As you have undoubtedly seen already, I've decided to call this week's posts: "When I Have Kids, I Won't Be So Lame". I'm sort of taking the liberty of speaking for all of those going through infertility. Let people in the fertile world take it as a threat, a promise, or as one of your New Year's Resolutions. I've been touching upon this subject for the past few weeks: How lame people we know get around the holidays. I know that when I was going through infertility, there were plenty of times when I didn't want to be around my friends with kids... either I was just too damned depressed or too damned jealous.
But on those days when I felt a bit stronger and independent and my mind wasn't as clouded by the raging self-injected hormones... I thought: You know, I can learn from their mistakes. (Maybe not mistakes--maybe just boring habits) Let me make some mental notes here on: "What I don't want to subject people to during the holidays when I have kids."
Number one on that list: After your parents asking: "Do you want to get a beating?" The next most obviously rhetorical question would be: "Want to see pictures of my kids?"
I mean the second the "question" is asked you've lost. First of all, nobody ever asks without actually having the photo already in their hand or up on the computer screen or phone. So what could you say then: "Ew, no, put that away"? or "I'd love to but my religion doesn't permit me to look at photos. We believe it's a form of idol worship."
Those of us with fertility issues think people are inconsiderate of our feelings. But I promise you: It's not just us. People are so proud and bursting with their own family business, they're inadvertently inconsiderate of everybody's feelings. They're going to force that photo on you as if their life depended on it. Yes, if you're having difficulties getting pregnant a baby photo can cut like a knife. Doesn't mean most fertile people who are no relation to the baby want to suffer through it either.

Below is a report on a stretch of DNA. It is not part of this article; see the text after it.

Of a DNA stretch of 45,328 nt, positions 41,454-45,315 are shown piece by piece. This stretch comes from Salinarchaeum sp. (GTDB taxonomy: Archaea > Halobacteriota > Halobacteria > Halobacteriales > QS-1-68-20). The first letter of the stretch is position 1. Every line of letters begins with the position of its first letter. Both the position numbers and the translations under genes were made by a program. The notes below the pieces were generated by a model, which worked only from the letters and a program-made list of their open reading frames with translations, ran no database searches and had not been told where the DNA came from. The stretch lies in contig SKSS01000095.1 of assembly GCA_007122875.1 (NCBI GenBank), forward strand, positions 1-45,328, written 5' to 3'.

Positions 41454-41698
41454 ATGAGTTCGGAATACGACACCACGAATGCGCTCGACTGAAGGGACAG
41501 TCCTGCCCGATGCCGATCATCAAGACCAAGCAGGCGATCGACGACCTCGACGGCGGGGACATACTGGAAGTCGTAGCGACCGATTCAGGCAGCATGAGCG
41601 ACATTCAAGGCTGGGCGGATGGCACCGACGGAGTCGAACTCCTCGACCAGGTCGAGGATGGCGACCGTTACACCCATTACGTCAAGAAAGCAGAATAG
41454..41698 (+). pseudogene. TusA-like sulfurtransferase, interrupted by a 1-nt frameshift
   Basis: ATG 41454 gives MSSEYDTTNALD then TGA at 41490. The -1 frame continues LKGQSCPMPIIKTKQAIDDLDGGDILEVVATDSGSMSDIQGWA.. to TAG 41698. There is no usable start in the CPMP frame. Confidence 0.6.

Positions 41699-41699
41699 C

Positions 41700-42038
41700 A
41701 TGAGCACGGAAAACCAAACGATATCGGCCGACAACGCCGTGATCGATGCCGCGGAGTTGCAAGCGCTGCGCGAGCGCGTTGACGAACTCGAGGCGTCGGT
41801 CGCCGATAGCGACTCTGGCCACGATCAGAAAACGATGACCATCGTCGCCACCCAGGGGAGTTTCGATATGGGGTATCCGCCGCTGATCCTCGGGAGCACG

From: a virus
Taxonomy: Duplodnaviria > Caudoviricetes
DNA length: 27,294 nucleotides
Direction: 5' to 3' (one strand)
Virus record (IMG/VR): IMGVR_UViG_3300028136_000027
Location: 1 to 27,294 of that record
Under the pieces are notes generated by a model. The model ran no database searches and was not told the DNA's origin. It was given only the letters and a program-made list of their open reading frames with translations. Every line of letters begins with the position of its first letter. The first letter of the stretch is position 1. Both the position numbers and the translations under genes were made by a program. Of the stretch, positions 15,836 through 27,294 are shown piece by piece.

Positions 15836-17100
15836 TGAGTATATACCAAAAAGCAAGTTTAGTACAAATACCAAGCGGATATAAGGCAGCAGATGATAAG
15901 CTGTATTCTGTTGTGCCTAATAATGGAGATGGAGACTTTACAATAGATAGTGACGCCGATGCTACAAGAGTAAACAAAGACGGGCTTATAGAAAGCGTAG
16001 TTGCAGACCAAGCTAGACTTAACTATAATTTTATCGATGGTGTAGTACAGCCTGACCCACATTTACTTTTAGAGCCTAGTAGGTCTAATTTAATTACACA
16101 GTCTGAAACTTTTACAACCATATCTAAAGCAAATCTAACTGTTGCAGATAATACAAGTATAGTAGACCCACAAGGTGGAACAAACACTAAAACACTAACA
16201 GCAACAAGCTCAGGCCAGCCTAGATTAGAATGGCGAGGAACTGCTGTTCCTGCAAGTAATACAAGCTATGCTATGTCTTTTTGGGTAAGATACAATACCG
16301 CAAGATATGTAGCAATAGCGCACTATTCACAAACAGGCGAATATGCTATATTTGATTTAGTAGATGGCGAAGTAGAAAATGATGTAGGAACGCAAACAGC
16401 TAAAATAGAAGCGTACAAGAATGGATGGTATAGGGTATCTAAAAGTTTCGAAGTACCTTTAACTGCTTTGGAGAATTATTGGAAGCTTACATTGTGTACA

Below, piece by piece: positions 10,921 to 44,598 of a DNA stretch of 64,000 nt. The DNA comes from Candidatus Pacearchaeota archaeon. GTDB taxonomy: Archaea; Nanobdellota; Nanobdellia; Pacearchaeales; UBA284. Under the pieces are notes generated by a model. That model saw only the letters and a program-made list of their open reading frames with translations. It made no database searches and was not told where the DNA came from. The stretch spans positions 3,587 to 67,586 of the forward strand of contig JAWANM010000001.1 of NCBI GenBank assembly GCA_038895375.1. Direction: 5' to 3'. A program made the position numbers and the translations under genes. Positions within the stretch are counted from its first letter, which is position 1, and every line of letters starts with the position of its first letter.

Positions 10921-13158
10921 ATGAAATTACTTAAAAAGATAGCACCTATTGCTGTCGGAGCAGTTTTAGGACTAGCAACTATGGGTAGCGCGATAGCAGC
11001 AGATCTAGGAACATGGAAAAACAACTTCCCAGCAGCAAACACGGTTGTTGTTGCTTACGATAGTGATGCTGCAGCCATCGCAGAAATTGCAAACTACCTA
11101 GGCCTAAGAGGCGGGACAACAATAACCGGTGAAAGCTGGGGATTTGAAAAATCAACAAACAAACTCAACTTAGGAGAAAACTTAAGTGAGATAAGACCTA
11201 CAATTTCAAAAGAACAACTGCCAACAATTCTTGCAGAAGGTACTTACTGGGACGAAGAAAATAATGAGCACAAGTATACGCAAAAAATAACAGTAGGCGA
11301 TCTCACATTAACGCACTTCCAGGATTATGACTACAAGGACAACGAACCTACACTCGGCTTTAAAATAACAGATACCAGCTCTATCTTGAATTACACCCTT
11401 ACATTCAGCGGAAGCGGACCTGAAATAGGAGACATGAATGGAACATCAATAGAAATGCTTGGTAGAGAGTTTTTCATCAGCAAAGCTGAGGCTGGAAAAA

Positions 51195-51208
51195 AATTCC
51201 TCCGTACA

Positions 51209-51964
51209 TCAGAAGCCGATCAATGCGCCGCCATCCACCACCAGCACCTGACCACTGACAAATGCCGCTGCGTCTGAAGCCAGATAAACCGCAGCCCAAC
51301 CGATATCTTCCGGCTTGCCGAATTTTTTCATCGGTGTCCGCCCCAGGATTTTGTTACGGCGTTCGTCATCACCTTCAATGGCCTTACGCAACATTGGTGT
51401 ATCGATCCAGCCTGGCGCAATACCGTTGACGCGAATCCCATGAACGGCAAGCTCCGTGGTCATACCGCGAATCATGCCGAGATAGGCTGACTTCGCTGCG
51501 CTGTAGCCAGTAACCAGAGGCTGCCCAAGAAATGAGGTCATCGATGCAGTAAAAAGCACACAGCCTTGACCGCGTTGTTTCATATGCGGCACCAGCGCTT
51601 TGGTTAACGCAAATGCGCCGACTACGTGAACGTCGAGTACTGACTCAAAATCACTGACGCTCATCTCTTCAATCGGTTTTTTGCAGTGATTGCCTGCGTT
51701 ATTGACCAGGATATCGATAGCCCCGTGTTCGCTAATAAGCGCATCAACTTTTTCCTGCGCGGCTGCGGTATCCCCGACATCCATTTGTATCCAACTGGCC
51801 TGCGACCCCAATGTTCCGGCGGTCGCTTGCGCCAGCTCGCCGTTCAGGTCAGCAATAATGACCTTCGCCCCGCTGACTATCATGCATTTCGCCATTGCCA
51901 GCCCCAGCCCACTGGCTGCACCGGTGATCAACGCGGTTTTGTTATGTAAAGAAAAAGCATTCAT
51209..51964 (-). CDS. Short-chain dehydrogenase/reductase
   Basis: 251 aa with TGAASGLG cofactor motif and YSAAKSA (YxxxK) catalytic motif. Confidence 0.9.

So, that's one area I find parents to be lame in around the holidays and that I'll ramble on about this week.
Then there's tipping anyone and everyone surrounding their child: Teachers, the school secretary, the assistant girl scout leader, coaches: "Here's twenty dollars Coach Davis. I'm sure you'll agree that Jamie should play more in the 2011 season. Merry Christmas."
Then there are those greeting cards that show up in the mailbox that don't stand up, with their kids photos plastered all over them that leave you wondering: "Did she just pick the worst photos of the bunch...or does this poor kid really have such unfortunate hair?"
Listen, I gotta go. Only five days left to avoid the stores. Well, five if you count days left to buy every single thing off the shelves. Six if you count the day after when everything's returned and put back.
I'll talk with ya again tomorrow.